Endothelialization of Nonapposed Stent Struts Located over the Origin of a Side Branch: Results with Different Carbofilm-Coated Stents

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To evaluate the degree of endothelialization of the nonapposed struts located at the ostia of side branches.


Endothelialization of coronary stents has got considerable relevance because of the phenomenon of late thrombosis. Bifurcation location and incomplete stent apposition have been linked to this complication.


Domestic pigs (n = 11; weight: 25 ± 3 kg) were anesthetized and had one stent per coronary artery implanted: one stainless steel (Tecnic®), one cobalt-chromium (Chrono®), and one tacrolimus-eluting stent (Janus®), all of them being Carbofilm®-coated (Sorin). One, three, or seven days postprocedure, the pigs were sacrificed, the hearts explanted, and longitudinal sections examined by surface electron microscopy to quantify the percentage of the strut endothelialized over the branches and in the total surface.


Forty-four side branches (25 stents) that had stent struts over their origin were evaluated. Different patterns of endothelialization were observed, from the total absence to the complete endothelialization. There were no significant differences in relation to type of stent or to the artery treated. The predictors of higher percentage of endothelialization were the ratio of metal to branch diameter (P = 0.04) and better endothelialization in the rest of the stent (P = 0.0002), only this parameter maintaining significant correlation (P = 0.03) in multivariate analysis.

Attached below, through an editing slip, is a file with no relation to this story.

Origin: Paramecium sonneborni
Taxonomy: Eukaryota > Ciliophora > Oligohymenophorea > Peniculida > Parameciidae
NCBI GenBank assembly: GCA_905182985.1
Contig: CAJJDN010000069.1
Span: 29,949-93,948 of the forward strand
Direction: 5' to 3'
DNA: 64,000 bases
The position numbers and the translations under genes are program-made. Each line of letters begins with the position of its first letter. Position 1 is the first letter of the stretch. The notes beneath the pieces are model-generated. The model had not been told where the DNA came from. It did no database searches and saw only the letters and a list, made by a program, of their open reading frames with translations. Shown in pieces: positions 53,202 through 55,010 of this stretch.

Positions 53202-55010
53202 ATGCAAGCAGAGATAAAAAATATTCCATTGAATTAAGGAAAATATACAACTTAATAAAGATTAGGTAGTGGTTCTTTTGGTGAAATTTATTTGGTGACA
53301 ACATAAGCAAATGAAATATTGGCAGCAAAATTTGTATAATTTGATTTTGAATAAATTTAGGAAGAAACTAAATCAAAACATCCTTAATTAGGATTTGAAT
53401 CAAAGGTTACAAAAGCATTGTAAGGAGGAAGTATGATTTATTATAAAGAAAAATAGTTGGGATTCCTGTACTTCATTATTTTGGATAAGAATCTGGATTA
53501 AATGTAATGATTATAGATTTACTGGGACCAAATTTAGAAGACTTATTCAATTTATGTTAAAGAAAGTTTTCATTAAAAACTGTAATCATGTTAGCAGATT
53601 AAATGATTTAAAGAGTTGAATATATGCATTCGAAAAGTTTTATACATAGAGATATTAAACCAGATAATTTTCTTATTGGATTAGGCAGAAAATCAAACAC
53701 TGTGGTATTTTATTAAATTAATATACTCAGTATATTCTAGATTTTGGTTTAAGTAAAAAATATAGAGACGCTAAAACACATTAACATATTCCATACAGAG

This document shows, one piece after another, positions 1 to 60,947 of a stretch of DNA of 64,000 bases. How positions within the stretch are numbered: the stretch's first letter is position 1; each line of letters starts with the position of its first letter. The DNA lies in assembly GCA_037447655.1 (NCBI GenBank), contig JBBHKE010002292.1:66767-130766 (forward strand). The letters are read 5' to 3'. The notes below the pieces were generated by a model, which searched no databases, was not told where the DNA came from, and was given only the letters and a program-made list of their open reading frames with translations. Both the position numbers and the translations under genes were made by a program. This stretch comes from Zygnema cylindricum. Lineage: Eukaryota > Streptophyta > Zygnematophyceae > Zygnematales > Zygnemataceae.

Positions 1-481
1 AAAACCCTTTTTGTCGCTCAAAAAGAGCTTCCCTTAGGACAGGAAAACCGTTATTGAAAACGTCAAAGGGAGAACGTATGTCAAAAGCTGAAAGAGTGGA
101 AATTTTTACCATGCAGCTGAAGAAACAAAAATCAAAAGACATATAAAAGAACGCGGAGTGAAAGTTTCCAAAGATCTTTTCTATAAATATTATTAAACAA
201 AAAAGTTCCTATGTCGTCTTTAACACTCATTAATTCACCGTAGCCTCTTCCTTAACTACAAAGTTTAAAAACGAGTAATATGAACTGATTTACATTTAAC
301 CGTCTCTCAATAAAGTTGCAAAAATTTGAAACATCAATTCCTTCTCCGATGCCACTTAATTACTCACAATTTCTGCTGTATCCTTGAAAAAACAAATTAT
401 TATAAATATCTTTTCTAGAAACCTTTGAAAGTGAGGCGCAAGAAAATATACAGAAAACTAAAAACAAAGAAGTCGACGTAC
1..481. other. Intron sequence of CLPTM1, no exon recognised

Carbofilm®-coated stent struts located over the origin of side branches follow the pattern of endothelialization for the rest of the stent, even in the case of tacrolimus-eluting stent. (J Interven Cardiol 2009;22:222–227)

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